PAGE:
Is Maidana a live underdog Cinco De Mayweather weekend?

By Nick Bellafatto, RCM Boxing Correspondent

Las Vegas, NV (May 2, 2014)– It’s nearly Cinco De Mayo weekend which for boxing fans has become synonymous with the sport’s pound-for-pound best Floyd “Money” Mayweather Jr. (45-0, 26 KO’s) taking center stage yet again at the MGM Grand in Las Vegas, Nevada. And when the bell rings this Saturday night in what is a unification match between two welterweight champions, across the ring will be a formidable and live underdog in the form of hard hitting Argentinian Marcos “El Chino” Maidana (35-3, 31 KO’s). Live from the perspective that within Maidana’s fists resides the power to inflict marked if not heavy damage, to at best lift an entire country by unseating the man atop the food chain.

With something to say about it of course is the incessant one, who dedicated to his craft like no other has decimated the competition as of late to prove many wrong including myself who thought one or another fighter would be up to the challenge. And it’s that dedication that allows Floyd to reign supreme, to with the ultimate set of skills accomplish things in a myriad of ways, one way as professed by Team Mayweather being to come fight night allow “Money” to remain in the pocket to in essence beat the Argentine slugger at his own game.

In this scenario Floyd would look to land in between Maidana’s wide arcing shots to with inside hooks, uppercuts, and short right hands land first to render moot anything his counterpart can muster. On the other hand if Floyd finds close quarters too rough, his ring generalship par excellence affords him the option to pot-shot and then elude what is likely to be an all-out aggressor. Come what may it’s assumed Floyd will dominate the action en-route to what many suspect will be a wide-margin points victory. That’s because save for a fight finishing body blow exacted upon Maidana, Mayweather Jr. frail hands and all is not likely to net any type of stoppage.

It’s short of such a stoppage combined with a potential knockout on the other end that provides the most intrigue, so that in what is a genuine clash of styles the Argentine kayo artist will be granted a length of time to implement against the tactically minded Floyd what should be an unmistakable game plan. That’s to say “El Chino” if smart will neither box the master of technicians as did “Canelo” Alvarez, an exercise in futility bordering on humiliation, nor will he reminiscent of Robert Guerrero hesitate to press the attack.
Instead, the cool, calm, and collected country boy will endeavor to mete out the type of punishment as that recently visited upon Mayweather protégé Adrien Broner, this in an effort to finish Floyd before the limit. The perfect strategy in my opinion as well as that of Maidana trainer Robert Garcia of which many say will play right into the hands of Mayweather. Perhaps the case, but does Maidana have a choice?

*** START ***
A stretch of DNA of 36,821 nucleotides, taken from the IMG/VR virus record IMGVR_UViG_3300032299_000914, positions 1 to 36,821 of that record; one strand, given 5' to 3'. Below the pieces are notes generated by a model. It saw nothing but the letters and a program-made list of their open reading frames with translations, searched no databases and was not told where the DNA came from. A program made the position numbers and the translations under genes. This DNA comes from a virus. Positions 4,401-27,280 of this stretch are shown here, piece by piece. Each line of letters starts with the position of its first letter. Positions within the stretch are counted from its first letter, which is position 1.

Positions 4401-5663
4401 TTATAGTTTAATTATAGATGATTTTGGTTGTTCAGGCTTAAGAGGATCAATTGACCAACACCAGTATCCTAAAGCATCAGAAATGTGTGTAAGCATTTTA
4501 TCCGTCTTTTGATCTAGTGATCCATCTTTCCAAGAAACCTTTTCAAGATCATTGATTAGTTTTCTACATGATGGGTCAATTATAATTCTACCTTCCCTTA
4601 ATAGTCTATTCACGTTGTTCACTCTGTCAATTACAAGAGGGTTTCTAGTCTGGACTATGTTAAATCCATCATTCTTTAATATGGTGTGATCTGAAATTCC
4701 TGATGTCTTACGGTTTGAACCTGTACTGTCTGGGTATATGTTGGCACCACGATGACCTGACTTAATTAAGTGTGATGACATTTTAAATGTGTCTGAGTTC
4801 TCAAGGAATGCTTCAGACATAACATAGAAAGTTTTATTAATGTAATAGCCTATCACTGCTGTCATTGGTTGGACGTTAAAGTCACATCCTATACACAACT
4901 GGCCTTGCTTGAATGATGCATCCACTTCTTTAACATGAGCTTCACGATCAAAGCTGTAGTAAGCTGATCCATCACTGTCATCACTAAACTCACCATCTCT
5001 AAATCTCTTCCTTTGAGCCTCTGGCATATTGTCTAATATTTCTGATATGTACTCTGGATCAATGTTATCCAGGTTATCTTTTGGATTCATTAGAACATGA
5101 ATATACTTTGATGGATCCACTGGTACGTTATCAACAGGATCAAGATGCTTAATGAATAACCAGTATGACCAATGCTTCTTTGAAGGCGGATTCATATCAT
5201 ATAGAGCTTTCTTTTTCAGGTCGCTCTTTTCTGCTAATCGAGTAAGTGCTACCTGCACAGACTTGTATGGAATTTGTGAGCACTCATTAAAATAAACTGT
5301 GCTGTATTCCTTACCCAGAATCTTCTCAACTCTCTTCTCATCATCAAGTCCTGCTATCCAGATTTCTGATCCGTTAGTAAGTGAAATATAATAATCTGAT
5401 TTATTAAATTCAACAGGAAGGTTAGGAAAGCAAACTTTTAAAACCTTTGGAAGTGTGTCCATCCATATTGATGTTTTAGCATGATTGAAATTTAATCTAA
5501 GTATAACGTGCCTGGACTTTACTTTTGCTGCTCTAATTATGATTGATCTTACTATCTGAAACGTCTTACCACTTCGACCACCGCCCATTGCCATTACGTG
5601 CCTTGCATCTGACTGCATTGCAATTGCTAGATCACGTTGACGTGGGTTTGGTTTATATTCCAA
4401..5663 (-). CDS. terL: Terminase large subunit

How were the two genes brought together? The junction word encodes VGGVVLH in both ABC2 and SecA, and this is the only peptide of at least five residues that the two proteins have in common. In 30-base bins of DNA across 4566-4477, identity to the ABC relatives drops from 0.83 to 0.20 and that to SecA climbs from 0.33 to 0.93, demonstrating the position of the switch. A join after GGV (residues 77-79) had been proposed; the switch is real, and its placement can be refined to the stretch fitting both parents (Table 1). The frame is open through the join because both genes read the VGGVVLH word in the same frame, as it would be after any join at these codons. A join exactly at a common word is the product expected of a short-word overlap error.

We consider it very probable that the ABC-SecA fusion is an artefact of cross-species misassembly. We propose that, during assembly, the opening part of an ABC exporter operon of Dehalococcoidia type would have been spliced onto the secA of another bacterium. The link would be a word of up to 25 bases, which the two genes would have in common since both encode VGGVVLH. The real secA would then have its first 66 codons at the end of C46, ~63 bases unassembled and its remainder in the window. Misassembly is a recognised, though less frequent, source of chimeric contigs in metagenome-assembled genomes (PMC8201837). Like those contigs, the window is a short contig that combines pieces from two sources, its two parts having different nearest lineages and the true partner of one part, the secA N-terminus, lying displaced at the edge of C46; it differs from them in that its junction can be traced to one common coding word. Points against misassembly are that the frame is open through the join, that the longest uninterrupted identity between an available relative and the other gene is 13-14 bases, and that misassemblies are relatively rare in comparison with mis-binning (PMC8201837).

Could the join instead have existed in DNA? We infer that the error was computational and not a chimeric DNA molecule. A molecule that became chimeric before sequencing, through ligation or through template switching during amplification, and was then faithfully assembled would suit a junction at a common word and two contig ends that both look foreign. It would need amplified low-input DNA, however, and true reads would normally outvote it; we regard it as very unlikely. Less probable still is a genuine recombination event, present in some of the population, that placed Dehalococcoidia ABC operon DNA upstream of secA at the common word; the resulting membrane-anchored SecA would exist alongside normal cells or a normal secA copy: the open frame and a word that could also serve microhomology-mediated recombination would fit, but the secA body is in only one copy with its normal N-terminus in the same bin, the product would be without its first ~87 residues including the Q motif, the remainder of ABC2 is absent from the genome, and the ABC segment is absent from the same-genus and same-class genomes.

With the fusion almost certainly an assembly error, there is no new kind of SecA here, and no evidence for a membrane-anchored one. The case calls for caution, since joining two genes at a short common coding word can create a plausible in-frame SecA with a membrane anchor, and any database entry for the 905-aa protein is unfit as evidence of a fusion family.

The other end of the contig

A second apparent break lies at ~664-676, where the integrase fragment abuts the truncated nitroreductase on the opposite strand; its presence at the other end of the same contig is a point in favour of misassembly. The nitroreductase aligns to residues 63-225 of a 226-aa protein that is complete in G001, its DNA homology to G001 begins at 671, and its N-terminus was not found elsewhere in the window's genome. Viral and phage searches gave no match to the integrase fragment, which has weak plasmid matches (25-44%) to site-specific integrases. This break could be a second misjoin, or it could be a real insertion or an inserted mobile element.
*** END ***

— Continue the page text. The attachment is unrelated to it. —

Realistically “El Chino’s” not going to win from a distance, neither will he triumph in a battle that pits one methodological approach against another. Rather what’s going to turn the trick for Marcos is constant unrelenting pressure from the opening bell onwards, banging the body obsessively to include the arms and anything else connected to Floyd. The aim here would be to break down Jr.’s  defense in hopes of creating an opening for the heavy artillery. Short of this it’s imperative Maidana slow Floyd down in an effort to reduce him to a level where the possibility of being competitive exists. Of course previous stamina issues related to Marcos must not resurface, otherwise an already arduous task will be made all the more difficult against boxing’s premier figure who’s ability to strip an opponent bare is perhaps unmatched.

Then there’s what makes Maidana a live underdog aside from his obvious power, that being the Argentinian’s shifty, unconventional, and quite awkward ways, not often in the line of fire when delivering blows the trajectory and timing of which are quite varied. Add to this the fact that “El Chino” switches to southpaw regularly and with added head and upper body movement under the direction of Robert Garcia these attributes in tandem could prove meddlesome if not turn out to be game changers.

Could a man who shows no signs of being overwhelmed by the moment overcome the odds to land a shot upon another who’s chin doesn’t match his ring skills, or will the master craftsman as advertised take his time to pick the foreigner apart? There are currently more questions than answers but for Maidana what is clear is that time itself is the enemy. For if given time Floyd can size him up, execute a variety of options, to then make strategic adjustments in a blink so that Marcos Maidana cannot so much as linger during what is the opportunity of a lifetime.

“The Moment,” Mayweather vs. Maidana is a 12-round world championship unification bout with both Mayweather’s WBC and Maidana’s WBA 147-pound title belts up for grabs, to be telecast on Showtime Pay-Per-View starting at 9pm ET/6pm PT. This is the third fight of Mayweather’s lucrative multi-fight deal with Showtime Networks Inc., to  feature in the co-main event Amir Khan taking on Luis Collazo in a 12-round bout for the vacant WBC silver welterweight title, while undercard action will see junior welterweight Adrien Broner clash with Carlos Molina, finally wrapping up with Mayweather promoted J’Leon Love going at it with super middleweight Marco Antonio Periban.


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